We'll Feed Our People As We See Fit

By Hassan Adamu
September 11, 2000 The Washington Post

It is possible to kill someone with kindness, literally. That could be the result of the well-meaning but extremely misguided attempts by European and North American groups that are advising Africans to be wary of agricultural biotechnology. They claim to have the environment and public health at the core of their opposition, but scientific evidence disproves their claims that enhanced crops are anything but safe. If we take their alarmist warnings to heart, millions of Africans will suffer and possibly die.

Agricultural biotechnology, whereby seeds are enhanced to instill herbicide tolerance or provide resistance to insects and disease, holds great promise for Africa and other areas of the world where circumstances such as poverty and poor growing conditions make farming difficult. Fertilizer, herbicides, pesticides, machinery, fuel and other tools that richer nations take for granted as part of their farming regimen are luxuries in poorer countries.

Moreover, the soil in tropical climates, or in areas with inhospitable weather, cannot be farmed successfully in the more traditional ways. These circumstances demand unique agricultural solutions, and many have been made available through the advances of biotechnology.

To deny desperate, hungry people the means to control their futures by presuming to know what is best for them is not only paternalistic but morally wrong. Certainly, those with fertile lands and an abundance of food have every right to decide how they would like to grow their crops and process their foods. Organic farming, sophisticated methods of distributing food and other approaches are well and good for those who can afford to experiment. Starving people do not have this luxury. They want food and nourishment, not lectures, and we certainly won't allow ourselves to be intimidated by eco-terrorists who destroy test crops and disrupt scientific meetings that strive to reveal the facts.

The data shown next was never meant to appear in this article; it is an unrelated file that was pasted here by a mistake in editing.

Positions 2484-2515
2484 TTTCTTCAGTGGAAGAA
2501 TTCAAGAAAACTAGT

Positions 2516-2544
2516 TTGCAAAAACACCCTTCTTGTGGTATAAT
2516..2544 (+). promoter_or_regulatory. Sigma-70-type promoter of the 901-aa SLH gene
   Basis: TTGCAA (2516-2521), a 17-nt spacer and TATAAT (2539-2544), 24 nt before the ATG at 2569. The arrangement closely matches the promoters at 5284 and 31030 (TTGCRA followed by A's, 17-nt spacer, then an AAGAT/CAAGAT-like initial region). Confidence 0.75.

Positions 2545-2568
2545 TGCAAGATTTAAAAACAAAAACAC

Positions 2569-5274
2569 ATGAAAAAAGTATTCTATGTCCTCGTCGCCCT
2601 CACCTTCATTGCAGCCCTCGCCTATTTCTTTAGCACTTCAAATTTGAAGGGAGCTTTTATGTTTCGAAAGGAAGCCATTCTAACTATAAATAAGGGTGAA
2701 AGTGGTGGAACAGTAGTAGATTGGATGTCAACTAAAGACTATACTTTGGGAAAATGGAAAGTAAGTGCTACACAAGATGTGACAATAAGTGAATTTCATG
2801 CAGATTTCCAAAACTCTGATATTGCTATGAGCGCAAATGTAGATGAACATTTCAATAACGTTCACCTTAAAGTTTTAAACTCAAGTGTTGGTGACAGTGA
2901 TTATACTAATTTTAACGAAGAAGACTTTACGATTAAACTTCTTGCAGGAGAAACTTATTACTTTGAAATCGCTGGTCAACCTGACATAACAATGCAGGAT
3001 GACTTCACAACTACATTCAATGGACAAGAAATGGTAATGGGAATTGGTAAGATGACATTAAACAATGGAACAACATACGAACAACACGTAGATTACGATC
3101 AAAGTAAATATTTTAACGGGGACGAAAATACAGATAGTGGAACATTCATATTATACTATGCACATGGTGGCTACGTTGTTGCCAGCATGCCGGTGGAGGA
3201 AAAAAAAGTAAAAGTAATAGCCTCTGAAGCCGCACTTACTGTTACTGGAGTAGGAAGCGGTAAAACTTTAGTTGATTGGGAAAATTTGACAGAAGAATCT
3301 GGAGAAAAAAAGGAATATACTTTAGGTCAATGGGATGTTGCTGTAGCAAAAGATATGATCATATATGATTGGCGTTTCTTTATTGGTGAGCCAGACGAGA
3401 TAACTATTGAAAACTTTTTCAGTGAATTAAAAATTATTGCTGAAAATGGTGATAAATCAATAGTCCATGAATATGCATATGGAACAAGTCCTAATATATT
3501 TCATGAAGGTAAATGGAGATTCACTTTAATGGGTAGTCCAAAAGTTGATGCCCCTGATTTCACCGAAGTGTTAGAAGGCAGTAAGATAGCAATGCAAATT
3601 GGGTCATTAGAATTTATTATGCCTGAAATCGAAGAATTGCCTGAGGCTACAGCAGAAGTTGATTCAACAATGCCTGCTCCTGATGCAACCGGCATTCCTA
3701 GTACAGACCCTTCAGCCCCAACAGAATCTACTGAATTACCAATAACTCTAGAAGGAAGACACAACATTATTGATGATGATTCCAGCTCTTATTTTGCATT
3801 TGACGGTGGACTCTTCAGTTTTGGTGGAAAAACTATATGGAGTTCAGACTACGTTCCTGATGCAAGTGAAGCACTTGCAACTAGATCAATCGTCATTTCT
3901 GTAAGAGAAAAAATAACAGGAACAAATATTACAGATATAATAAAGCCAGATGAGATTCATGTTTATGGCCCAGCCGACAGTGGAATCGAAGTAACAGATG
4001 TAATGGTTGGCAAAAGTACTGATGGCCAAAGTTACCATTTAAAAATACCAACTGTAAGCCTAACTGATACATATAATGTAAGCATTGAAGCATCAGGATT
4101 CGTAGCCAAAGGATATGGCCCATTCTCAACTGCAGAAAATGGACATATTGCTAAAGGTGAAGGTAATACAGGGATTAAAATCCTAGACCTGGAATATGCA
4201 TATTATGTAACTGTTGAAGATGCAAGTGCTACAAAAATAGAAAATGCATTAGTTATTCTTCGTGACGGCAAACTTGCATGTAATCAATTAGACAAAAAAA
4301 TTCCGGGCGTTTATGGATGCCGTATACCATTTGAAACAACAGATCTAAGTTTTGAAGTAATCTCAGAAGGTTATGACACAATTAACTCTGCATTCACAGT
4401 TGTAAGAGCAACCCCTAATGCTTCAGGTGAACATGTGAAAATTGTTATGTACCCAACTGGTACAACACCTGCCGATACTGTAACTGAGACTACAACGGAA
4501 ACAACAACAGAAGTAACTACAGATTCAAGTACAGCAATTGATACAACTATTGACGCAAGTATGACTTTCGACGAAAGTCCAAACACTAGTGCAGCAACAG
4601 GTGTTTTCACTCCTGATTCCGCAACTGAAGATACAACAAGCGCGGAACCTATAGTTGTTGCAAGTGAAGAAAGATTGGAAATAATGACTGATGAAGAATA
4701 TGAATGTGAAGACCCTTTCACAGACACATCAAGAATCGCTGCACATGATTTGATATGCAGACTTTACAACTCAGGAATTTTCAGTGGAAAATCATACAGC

It is wrong and dangerous for a privileged people to presume that they know what is best for everyone. And when this happens, it cannot come as a shock that those who are imposed upon often see this attitude as colonialist.

Millions of Africans--far too many of them children--are suffering from malnutrition and hunger. Agricultural biotechnology offers a way to stop the suffering. As Florence Wambugu, one of Africa's leading plant geneticists said recently, "In Africa, GM [genetically modified] food could almost literally weed out poverty."

With regard to agricultural biotechnology, Africans are not asking for others to come in and grow our food. We are not asking for others to provide the financial means to establish this system in our countries. We want to come to the table as stakeholders. We know the conditions of our fields. We know the threats, the insects and diseases. We can work as partners to develop the seeds that could build peoples and nations.

We do not want to be denied this technology because of a misguided notion that we don't understand the dangers or the future consequences. We understand. We understand that this system must continue to undergo study and careful use. We also understand that agricultural biotechnology has been deemed safe and nutritious by a host of nationally and internationally respected organizations such as the National Research Council, Nuffield Council on Bioethics, World Health Organization, Food and Agriculture Organization of the United Nations, Organization for Economic Cooperation and Development, the American Medical Association and the American Dietetic Association.

We will proceed carefully and thoughtfully, but we want to have the opportunity to save the lives of millions of people and change the course of history in many nations. That is our right, and we should not be denied by those with a mistaken idea that they know best how everyone should live or that they have the right to impose their values on us.

The harsh reality is that, without the help of agricultural biotechnology, many will not live.

The writer is Nigeria's minister of agricultural and rural development.

Return to the home page of Better Foods